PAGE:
With Father's Day approaching, my thoughts drifted back to when I was 10 years old. At that time of my life I felt that I had everything a child my age would want. I remember the good times we had together as a family: the picnics, the amusement parks, the ponies, the dog, the cat, the pet calf, the pet crow, and the summer resort. Ohhhh that summer resort!! What wonderful memories I have of our 83 acre resort near Hayward Wisconsin. Each year, just before school ended, my dad would drive all the way up to the resort to open it up and make it ready for our summer guests. I couldn't wait till he came back to get me, my sister and my mom. The resort offered so many wonderful activities such as: swimming, water skiing, fishing, horseback riding, archery, skeet shooting, hunting and of course those scrumptious meals and the entertainment! Yes, I did believe that I was the luckiest kid in the world.
Then things began to change. After closing the resort for the winter and returning home, my dad woke up one morning all yellow and feeling very ill. He went to see his doctor and my sister and I were told that we would be selling our beautiful home where we grew up to move closer to the city. We were told that this was necessary because mom would now have to get a job and she wanted us to be close to the hospital that my dad would be staying in for a while. Being in the era of the 50's, my sister and I were not allowed to visit our dad in his hospital room because children were not allowed on the floors. My mother would take my sister and I into the hospital courtyard because my dad's room overlooked this area. She would then go to his room and help him to the window where he would wave at his girls and throw us kisses and we would do the same in return. When dad was finally allowed home after his first surgery, he sat with my sister and me and explained to us that he had cancer in his pancreas. He told us that he would require numerous surgeries to help him get better. My sister and I were afraid because we didn't understand and we saw how much pain our dad was experiencing. In addition to this, he was losing a lot of weight.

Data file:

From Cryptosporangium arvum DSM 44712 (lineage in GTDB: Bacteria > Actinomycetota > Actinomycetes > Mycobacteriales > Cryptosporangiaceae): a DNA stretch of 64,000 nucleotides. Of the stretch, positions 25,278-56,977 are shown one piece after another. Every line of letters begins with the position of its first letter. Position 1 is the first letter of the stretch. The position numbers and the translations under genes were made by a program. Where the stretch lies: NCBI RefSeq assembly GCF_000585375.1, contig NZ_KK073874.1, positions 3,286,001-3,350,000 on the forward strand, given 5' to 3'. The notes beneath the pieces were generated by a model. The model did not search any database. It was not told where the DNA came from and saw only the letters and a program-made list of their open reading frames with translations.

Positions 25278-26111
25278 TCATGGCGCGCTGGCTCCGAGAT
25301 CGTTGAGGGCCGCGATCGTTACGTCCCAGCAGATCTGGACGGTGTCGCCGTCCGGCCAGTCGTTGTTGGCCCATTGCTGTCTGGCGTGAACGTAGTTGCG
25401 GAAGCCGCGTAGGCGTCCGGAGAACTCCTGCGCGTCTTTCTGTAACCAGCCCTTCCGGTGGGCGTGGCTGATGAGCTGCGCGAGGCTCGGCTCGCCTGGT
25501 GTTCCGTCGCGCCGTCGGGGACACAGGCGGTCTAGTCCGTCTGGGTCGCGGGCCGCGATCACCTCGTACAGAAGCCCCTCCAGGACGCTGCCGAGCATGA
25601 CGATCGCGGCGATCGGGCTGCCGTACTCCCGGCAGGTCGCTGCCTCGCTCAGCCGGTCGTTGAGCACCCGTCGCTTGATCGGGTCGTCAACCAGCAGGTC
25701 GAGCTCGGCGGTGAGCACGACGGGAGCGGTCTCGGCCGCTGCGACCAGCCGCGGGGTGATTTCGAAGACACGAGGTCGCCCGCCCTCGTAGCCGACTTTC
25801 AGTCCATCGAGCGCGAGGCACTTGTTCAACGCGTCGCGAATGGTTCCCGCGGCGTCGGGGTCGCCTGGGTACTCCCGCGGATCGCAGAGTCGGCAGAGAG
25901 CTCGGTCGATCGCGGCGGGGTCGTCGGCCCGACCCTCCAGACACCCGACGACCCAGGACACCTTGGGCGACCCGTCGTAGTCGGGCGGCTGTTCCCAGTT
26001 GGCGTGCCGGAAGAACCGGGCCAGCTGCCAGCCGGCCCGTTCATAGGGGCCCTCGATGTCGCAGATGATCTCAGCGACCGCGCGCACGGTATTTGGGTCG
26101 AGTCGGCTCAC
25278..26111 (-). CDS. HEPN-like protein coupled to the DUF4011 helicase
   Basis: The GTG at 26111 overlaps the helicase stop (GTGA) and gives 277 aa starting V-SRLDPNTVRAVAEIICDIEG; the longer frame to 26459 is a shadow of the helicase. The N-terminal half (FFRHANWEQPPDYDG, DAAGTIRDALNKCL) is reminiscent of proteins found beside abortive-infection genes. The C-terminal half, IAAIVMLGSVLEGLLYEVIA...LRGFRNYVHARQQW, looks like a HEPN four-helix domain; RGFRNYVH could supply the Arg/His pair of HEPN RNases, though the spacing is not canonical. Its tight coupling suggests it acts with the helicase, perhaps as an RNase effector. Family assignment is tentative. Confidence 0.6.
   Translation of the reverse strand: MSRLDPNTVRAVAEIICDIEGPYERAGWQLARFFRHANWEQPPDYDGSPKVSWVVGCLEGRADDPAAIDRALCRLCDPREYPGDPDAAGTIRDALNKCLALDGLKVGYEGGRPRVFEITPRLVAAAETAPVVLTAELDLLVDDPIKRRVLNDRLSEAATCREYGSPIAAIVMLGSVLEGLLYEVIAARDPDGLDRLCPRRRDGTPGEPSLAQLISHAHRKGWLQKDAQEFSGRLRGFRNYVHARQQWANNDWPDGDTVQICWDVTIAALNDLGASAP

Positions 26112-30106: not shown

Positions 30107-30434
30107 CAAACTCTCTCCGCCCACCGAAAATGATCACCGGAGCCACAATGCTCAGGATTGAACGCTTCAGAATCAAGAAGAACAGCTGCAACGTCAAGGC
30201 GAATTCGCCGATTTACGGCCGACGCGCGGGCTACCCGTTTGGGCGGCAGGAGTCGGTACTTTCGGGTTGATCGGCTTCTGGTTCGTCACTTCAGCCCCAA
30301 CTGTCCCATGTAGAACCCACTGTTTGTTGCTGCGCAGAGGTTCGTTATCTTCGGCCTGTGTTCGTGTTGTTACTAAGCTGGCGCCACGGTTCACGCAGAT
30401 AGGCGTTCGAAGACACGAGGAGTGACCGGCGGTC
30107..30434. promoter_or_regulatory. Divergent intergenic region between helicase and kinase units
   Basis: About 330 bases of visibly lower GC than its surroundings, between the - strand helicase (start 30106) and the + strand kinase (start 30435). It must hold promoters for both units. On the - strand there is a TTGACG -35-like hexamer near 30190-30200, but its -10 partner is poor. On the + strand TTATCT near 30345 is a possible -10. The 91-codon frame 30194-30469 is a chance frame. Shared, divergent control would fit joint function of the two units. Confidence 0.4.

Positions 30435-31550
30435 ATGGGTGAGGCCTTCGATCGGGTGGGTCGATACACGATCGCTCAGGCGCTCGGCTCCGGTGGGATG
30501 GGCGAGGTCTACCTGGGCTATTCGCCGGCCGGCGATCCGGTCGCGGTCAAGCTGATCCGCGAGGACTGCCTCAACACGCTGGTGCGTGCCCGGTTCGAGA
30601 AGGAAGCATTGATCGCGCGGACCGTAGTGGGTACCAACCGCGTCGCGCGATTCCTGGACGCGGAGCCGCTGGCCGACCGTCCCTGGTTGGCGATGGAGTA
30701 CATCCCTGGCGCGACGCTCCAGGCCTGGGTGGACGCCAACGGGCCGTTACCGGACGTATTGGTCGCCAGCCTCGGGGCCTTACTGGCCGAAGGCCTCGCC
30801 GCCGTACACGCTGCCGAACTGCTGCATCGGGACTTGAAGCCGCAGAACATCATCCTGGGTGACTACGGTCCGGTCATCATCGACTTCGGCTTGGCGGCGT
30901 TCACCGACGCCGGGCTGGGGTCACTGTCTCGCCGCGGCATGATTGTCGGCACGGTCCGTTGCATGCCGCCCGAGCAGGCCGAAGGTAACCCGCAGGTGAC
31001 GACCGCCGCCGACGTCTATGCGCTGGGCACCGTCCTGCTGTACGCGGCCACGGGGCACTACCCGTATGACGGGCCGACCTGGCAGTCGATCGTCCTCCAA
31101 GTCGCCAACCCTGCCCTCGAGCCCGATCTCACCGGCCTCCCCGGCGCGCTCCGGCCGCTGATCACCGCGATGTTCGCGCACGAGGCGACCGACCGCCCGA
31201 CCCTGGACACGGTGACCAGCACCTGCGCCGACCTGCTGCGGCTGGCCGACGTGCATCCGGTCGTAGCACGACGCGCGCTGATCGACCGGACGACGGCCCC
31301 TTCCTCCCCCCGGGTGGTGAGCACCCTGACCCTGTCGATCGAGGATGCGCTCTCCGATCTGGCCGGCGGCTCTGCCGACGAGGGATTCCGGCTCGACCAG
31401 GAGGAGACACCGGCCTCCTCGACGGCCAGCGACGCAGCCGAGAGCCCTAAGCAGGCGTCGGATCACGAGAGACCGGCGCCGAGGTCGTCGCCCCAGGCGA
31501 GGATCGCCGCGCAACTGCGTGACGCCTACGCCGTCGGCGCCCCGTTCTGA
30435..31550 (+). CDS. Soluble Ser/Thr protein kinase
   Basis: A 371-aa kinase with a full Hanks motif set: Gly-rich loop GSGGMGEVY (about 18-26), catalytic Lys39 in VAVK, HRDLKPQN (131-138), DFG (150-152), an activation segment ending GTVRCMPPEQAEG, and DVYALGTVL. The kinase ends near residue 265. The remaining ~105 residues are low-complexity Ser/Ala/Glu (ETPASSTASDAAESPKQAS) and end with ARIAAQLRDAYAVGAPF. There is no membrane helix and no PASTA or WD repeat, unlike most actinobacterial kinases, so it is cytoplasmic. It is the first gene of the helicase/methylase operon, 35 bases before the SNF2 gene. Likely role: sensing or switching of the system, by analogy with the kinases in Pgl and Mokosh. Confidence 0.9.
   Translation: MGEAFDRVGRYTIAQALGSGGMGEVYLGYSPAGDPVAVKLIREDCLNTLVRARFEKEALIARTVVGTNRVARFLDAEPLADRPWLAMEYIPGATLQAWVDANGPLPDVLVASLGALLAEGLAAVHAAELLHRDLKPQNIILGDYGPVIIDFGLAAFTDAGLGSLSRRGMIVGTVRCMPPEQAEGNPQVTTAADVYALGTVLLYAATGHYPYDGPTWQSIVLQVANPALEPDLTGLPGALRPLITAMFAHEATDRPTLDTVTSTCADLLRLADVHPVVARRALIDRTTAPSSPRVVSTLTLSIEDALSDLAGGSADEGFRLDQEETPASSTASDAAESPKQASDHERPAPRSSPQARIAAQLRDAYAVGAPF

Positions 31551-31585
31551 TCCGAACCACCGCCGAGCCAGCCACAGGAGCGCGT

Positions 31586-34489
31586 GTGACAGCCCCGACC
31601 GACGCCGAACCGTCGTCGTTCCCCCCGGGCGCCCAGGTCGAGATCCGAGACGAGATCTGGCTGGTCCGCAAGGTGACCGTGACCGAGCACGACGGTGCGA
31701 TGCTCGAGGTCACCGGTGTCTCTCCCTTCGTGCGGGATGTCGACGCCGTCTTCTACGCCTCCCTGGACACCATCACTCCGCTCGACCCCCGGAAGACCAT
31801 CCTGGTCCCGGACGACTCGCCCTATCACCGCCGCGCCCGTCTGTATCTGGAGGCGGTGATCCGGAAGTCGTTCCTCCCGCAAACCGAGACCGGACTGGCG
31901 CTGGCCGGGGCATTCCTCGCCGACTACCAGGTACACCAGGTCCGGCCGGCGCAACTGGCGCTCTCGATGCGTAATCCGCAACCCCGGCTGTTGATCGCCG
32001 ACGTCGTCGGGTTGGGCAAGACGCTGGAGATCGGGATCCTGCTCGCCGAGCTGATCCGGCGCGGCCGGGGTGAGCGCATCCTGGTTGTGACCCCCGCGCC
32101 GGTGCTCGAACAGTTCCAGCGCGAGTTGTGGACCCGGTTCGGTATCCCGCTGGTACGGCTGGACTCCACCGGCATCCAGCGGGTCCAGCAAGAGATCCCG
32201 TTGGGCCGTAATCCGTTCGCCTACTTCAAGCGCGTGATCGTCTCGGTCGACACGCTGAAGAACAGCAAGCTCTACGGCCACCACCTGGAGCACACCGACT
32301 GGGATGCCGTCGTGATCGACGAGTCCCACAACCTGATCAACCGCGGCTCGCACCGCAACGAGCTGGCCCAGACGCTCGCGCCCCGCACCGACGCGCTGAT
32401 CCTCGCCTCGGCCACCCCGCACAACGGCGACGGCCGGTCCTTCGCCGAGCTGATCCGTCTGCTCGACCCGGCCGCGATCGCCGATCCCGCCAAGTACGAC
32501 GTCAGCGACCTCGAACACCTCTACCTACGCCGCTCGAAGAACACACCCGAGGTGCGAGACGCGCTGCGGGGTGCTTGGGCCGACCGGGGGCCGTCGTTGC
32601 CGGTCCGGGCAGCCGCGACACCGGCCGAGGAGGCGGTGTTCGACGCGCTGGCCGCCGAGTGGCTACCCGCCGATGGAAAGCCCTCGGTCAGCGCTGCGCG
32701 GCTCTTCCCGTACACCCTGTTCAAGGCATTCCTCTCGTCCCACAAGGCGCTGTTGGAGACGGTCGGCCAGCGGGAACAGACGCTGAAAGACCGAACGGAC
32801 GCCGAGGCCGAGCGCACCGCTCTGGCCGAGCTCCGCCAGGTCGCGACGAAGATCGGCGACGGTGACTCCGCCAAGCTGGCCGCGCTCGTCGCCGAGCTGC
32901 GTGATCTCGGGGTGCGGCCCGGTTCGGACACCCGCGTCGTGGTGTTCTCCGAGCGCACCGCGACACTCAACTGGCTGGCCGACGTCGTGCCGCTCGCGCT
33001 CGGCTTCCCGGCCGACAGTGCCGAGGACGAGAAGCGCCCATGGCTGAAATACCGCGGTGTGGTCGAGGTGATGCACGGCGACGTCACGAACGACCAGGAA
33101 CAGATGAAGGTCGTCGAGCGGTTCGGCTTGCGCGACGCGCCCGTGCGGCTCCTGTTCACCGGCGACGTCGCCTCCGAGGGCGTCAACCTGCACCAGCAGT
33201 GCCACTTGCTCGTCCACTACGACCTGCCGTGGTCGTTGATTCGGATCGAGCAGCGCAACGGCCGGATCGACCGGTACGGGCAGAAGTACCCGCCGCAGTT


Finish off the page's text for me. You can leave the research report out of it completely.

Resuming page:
After 15 months had passed, my father became gravely ill and was hospitalized once again for a long period of time. My sister and I were taken to our aunt's home because our mom wanted to stay at the hospital with dad. Dad had one more surgery, but it didn't seem to do a lot of good. I remember one evening when my dad called us on the phone and asked me to bring my sister to the phone with me. I placed the phone between my sister and myself as requested and then dad told us he wanted to say the Lord's Prayer with us one more time. After we prayed, he told us how very much he loved us and that we were the light of his life. My sister and I still did not know that our father was terminally ill. We knew he was very sick and not getting better, but no one told us that in one month we would no longer have him here with us.
In December of 1957, my sister and I were taken to the hospital with my father's sister (our aunt) and we both thought it was strange that all of a sudden we were going to be allowed to visit at the hospital. In the elevator on the way up to the third floor, our uncle told us that our father had died that morning. When the elevator doors opened I saw my mom and other family members sitting on a couch weeping almost out of control. I was in shock and I ran to a corner, as if to hide. I didn't fully understand yet that I would never be with my father again and that all the good times with him were over.
In retrospect, I find myself pondering the question: "Would I have been better off knowing that my dad was terminally ill and that I was going to lose him soon?" Or perhaps, it was best that I did not know. I am not sure how differently I would have been or how differently I would have acted with my dad if I had known. I believe that, being so young, I probably would have tried to be with him more than I was but when he was home from the hospital, I took care of him as much as I could. The question that I am posing is this: "Do you think young children are capable of handling the truth about a terminally ill parent, or do you think it is best that they simply enjoy that parent everyday and then deal with the loss when it occurs?
I would appreciate any input or thoughts that you may have regarding this controversy. I do have to add that I do not feel "slighted" in any way for the way it was handled in my life. I know that my mom would have never been the one to tell my sister and me the truth about my father's illness because, in retrospect, I realize that my mother was in serious denial. Even after my dad died, my mother spoke of him as if he was still with us. I do not blame her.